As the greatest gift we can give ourselves, presence centers us and balances our perception. Evolutionarily hardwired to focus on red flags—problems that run the spectrum from inconveniences to mortal threats—our attention often wakes to confront unpleasantness. Left unchecked, this reflex can dim our view of ourselves and everything around us. In yoga, we don't notice all the poses we glide through, but we beat ourselves up over the asanas that make us struggle. In life, we discount what works out for us, but we fixate on whatever goes the least bit wrong.
This selective engagement warps our experience of the world. How can we feel great about life when we don't notice the bus unless it's late, the soup unless it's cold, the work unless it's wrong, the news unless it's grim, the interaction unless it hurts? Unconsciously aware of this negative preoccupation, we fill our lives with diversions that we hope will hold our attention in a much more pleasing way. We seek focus and engagement in everything from dates to movies to yoga to sky diving. We sign on for anything that promises to make us feel alive, a phrase that stands in for how we feel when present. Unfortunately, as much as we enjoy these vivid bursts, unless we maintain our mindful attention these fleeting moments are just snapshots of our passing lives.
Even if we perversely prefer slipping in and out of consciousness because we’re resistant to being fully present in our daily lives, (it's not unusual to feel this way and the impulse behind it may be worth exploring), mindful presence is a gift we should cultivate to share with others. When we tune in briefly just to deal with problems, the people on the receiving end of our abrupt attention experience the negativity that has forced us to focus. In the case of children and those who crave connection, this negative flood of attention may seem better than getting none at all. Unfortunately, this channels the natural instinct to seek love into the destructive impulse to transgress. Imagine the energy that would be freed to build, explore, share, and cherish if this negative cycle were replaced with a supportive, steady stream of presence.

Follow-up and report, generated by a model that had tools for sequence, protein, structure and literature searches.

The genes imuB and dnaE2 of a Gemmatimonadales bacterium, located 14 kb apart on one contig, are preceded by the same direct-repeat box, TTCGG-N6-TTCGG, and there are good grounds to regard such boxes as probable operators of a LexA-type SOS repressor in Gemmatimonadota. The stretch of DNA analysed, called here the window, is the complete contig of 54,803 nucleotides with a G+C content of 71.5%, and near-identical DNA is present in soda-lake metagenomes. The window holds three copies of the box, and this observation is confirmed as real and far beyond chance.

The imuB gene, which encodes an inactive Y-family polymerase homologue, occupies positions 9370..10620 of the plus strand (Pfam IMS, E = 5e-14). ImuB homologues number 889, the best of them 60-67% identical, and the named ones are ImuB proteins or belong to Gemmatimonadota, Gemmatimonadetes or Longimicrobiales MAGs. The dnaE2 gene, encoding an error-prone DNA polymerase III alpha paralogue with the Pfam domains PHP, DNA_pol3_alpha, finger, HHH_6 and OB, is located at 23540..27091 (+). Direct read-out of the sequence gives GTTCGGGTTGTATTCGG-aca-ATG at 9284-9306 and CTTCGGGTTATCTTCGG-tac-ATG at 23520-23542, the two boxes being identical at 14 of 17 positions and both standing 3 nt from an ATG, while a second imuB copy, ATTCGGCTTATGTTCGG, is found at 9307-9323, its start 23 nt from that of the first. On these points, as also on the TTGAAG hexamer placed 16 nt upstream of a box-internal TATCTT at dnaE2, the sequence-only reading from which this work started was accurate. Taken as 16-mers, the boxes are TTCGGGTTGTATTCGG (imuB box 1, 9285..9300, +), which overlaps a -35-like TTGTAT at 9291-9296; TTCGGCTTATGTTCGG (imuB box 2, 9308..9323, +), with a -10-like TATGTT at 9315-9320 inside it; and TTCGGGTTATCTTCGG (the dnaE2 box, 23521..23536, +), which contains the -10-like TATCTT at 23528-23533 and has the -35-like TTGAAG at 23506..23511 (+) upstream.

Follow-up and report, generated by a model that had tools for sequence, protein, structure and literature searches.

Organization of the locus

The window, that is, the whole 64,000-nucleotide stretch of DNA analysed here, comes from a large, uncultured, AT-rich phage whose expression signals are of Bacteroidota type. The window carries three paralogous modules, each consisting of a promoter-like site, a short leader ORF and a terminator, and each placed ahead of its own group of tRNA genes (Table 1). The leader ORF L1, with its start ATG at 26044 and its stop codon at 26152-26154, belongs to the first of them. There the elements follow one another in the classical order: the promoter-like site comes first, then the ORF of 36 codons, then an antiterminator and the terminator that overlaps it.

Moreover, imagine the nurturing energy and reaffirming solace you could offer the lonely, the numb, the discouraged, the bitter, and the lost just by being conscious in our common space. Think of the sleepwalkers who might wake and all the lives that just might bloom.
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May the new year dawn to find you present.
May you rise to greet it, wide awake.